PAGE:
On March third, the US Fish & Wildlife Service (USFWS) proposed removing the grizzly bears in the Greater Yellowstone Ecosystem from the endangered species list. They are now taking Comments and hunters need to speak up quickly.
Please go to the Proposed Regulation and click on the Comment button. The USFWS says that, “submissions merely supporting or opposing a potential delisting, without supporting documentation, will not be considered in making a determination” so be sure to say something more than just you are in favor of delisting. You don’t need to write anything long and despite what they say, the number of responses does matter. As for documentation, you can mention the information and sources here.
According to Yellowstone National Park, over the last 40 years the grizzly population there has grown from 136 to a stable population of somewhere between 674 and 839 The recovery population goal was 500 and was actually met in 1999.
The grizzly bears in the Yellowstone area had been removed from the list in 2007 but in 2009 a 9th Circuit federal judge ordered that they be put back on, citing the decline of the whitebark pine tree, whose pine cone nuts were seen as a critical part of the grizzly diet.
However, the Interagency Grizzly Bear Study Team found in 2013 that a lesser supply of whitebark pine cone nuts is not a significant factor because of the variety of foods grizzlies eat. The stable population also indicates that the whitebark pine decline has not reduced bear numbers. Chris Servheen, the grizzly bear recovery coordinator for the USFWS, said that biological factors like distribution and reproduction also indicate the population is recovered..
Predictably, the Sierra Club and some other groups are opposing the delisting. Here are the objections listed by the Sierra Club in an August 2015 article.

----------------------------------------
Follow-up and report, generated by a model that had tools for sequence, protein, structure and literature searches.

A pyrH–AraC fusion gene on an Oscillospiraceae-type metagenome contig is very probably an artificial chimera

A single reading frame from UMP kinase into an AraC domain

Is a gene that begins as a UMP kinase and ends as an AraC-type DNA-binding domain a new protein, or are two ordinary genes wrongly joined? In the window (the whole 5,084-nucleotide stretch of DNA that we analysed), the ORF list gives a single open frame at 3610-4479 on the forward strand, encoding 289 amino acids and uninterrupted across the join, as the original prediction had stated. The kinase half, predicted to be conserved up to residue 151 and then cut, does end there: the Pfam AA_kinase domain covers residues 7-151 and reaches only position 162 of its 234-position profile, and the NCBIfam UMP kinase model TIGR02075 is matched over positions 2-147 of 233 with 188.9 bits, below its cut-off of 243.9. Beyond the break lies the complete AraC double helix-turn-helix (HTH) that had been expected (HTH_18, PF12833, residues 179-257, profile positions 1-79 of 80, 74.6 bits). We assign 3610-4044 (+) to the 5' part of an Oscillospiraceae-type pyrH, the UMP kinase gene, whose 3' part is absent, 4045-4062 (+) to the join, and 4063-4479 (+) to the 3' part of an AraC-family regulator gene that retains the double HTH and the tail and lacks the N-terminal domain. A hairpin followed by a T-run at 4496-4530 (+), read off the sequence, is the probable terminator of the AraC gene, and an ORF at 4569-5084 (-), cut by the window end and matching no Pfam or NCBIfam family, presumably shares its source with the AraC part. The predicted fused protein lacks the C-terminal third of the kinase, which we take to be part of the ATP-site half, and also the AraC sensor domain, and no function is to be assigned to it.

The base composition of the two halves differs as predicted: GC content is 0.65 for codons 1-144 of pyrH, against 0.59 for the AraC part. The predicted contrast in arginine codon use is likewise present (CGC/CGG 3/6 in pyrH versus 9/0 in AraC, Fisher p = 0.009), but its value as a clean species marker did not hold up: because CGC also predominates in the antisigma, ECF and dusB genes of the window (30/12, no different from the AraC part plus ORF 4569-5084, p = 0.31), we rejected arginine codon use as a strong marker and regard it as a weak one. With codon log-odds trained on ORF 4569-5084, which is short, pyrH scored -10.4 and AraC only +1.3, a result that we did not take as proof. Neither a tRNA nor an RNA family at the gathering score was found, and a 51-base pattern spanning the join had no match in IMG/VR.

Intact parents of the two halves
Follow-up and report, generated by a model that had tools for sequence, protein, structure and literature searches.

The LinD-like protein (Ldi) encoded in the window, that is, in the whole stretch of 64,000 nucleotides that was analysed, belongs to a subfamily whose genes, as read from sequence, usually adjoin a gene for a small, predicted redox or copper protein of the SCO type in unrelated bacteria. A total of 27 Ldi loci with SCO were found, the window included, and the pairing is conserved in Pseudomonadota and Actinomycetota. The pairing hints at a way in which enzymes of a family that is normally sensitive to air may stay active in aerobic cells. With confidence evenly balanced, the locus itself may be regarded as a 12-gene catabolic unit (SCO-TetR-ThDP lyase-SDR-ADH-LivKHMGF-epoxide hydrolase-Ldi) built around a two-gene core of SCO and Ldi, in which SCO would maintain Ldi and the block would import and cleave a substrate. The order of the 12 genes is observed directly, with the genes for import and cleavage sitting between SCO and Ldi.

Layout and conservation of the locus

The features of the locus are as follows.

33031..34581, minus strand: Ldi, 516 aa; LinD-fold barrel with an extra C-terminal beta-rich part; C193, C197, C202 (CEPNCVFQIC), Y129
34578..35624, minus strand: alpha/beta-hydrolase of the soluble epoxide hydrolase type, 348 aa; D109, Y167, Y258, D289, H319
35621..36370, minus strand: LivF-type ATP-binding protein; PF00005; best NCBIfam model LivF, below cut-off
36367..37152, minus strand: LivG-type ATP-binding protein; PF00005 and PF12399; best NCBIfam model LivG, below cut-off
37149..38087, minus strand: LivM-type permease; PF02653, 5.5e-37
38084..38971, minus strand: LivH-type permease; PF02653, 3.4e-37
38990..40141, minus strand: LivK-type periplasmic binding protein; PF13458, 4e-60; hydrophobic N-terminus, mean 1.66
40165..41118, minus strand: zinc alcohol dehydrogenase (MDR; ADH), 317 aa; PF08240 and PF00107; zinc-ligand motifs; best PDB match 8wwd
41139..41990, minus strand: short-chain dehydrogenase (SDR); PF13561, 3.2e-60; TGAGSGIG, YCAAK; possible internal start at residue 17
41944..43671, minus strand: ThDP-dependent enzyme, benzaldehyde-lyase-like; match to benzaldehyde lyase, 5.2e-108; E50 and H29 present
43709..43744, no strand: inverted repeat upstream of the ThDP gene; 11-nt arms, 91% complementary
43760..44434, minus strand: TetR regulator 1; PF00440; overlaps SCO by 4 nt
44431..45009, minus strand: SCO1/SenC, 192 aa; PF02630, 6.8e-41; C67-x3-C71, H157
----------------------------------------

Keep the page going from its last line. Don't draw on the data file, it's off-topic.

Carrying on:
- The growth rate of the Greater Yellowstone grizzly bear population has been flat since the early 2000s, and may be in decline. Fewer cubs and yearlings are surviving to adulthood.
Fact: Chris Servheen, the grizzly bear recovery coordinator for the USFWS, said the reason the population is leveling out is that bear density has reached the carrying capacity for the range.
Fact: the number of female grizzlies with cubs in the Yellowstone ecosystem was the highest ever recorded ever counted in 2013.
- Grizzly bears in the Yellowstone region are completely isolated from other grizzly bear populations, both geographically and demographically, as they have been for 100 years.
Fact: Grizzlies in the Lower 48, of which the Yellowstone population is the second largest (next to the Northern Continental Divide Ecosystem in Montana at 1,000 – also likely to be proposed for delisting), have more than doubled their range to 22,500 square miles, an area larger than the states of New Hampshire, Massachusetts and Rhode Island combined. Grizzlies again roam from the Tetons south of Yellowstone up through northwestern Montana and a good part of Idaho, to the Canadian border.
- Existing state management plans will not protect Yellowstone grizzly bears and will not allow them to connect to other grizzly populations if they are delisted now. Wyoming, Montana, and Idaho, the three states where Yellowstone grizzly bears live, plan to immediately initiate sport hunting of grizzly bears as soon as they are delisted.
Fact: Idaho, Montana and Wyoming have a joint plan adjusting hunting if the population falls below 675 and will halt hunting altogether if the number drops to 600.
- Courts have ruled that the U.S. Fish and Wildlife Service must consider the overall recovery of the species as it was originally listed under the Endangered Species Act, and may not delist isolated segments of the species (such as the Greater Yellowstone grizzly population) one at a time.
Fact: This is a stalling tactic. Not all courts agree on any issue, especially since judge-shopping has become a common legal tactic, especially by activists. And, of course, not all areas see population recovery at the same rate.
Opponents also say that the number of human-bear contacts must be reduced before the grizzly bear can be taken off the endangered list. But precautions are already in place and allowing the population to increase by preventing hunting would lead to more interactions, not fewer.
Another opponent, The Greater Yellowstone Coalition, wants a delisting that has the bears managed as one population. OK. Idaho, Montana and Wyoming have written a joint plan for post-delisting management of grizzlies.
The facts are on our side but facts can be overlooked by liberal judges. The grizzly experts in charge of the recovery are the ones proposing delisting and it is long overdue.
You have your chance to speak up. If you want to stand up to the anti-hunting crowd and support the delisting of the grizzly bear as proposed by the USFWS you need to comment and pass the word to other hunters. The time is short. Make your voice count.